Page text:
I have another slide here that actually explain a little further here. So the dog bone is the single VB card enclosure and that’s an eighth rack width wide. And there are this, the bone yard one RU retaining bracket that you can leverage to, get these in a one RU space and positively rack them. The VB-2 is a quarter rack width and that houses two cards. The VB-6 is a third rack width, so you can get three of these in one RU. And the VB-10 houses 10 cards and is a half rack width.

Jesse Foster:

This platform is so customizable and the options are beyond what I could get on really one slide here, but just so you could get a sense of the type of cards and signals we handle. And we could do ST, we can do SC or LC fiber connectors. We could even connectorize this with the SMPTE 304M connector, and I have some drawings that’ll show that. But extremely possible-

Jim Jachetta:

Yeah, but you were telling me, Jesse, to clarify, when you say that they’re flexible and configurable, it’s at the time of manufacturer, you order it with the IOs you want, some of the internal boards and optical components are interchangeable, but at the time of manufacture, right?

Jesse Foster:

Correct. That’s right. And that applies to the camera adapters, to the open gear cards, the price list is broken out, the data sheets are broken out in such a way where you’ll see all the different iterations, as much as that we could capture. There could be some that you’d come up with that we would accommodate them and then add it to the list.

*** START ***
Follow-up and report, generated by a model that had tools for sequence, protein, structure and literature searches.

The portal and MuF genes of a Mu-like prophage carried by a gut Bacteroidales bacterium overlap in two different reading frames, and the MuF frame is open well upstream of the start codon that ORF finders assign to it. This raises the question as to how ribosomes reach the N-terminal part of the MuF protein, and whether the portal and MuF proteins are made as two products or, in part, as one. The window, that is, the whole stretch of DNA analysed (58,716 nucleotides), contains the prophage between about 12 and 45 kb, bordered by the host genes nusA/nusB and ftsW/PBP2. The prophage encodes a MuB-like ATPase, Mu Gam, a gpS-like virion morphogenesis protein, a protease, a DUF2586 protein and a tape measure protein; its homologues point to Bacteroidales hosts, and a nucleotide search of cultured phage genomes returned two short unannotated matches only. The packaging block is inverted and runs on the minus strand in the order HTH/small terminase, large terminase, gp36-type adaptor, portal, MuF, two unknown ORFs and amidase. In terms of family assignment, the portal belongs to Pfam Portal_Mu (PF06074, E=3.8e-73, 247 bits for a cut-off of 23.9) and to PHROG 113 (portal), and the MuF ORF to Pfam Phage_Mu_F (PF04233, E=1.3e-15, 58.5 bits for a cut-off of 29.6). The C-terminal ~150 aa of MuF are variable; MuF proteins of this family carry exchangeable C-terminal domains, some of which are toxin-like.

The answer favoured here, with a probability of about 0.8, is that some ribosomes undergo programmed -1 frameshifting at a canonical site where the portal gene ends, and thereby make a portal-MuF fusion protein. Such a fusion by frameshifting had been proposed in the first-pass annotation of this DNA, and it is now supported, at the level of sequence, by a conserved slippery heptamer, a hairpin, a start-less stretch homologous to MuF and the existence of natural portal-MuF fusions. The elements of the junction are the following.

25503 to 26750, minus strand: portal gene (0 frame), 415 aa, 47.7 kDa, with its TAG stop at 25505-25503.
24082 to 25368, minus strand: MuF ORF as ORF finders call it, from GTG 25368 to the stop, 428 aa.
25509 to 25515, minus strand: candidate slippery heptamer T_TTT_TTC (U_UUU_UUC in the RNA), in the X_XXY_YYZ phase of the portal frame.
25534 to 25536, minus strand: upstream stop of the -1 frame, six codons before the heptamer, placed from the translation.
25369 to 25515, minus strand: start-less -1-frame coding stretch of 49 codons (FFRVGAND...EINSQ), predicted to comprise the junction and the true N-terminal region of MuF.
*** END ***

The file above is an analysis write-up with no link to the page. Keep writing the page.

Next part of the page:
Jim Jachetta:

The customers will invent the new configuration.

Jesse Foster:

Correct. So like the one on the right here is the VB-10 that it’s capable of multiple 12 GSDIs gen lock time code. It’s got three gigabit ethernet LAN extensions integrated and it’s all over a single fiber connection right here. So full transceiver, you tell us what you need and that’s how flexible it is. So it’s again, like Jim referenced there, it’s a build time, build time situation. But we have the customers sending them back to the factory to be retrofit to update to UHD support or whatever, their requirements change, we can accommodate that.

Jim Jachetta:

So you can rework it, it’s just the customer can’t pop modules in and out in the field. You say, you do an RMA and then you guys can rework it and-

Jesse Foster:

Correct.

Jim Jachetta:

So essentially the product will never go obsolete theoretically.

Jesse Foster:

Right as we develop new boards, like some that are on the [crosstalk 00:23:14].

Jim Jachetta:

Don’t oversell it Jesse, but yeah.

Jesse Foster: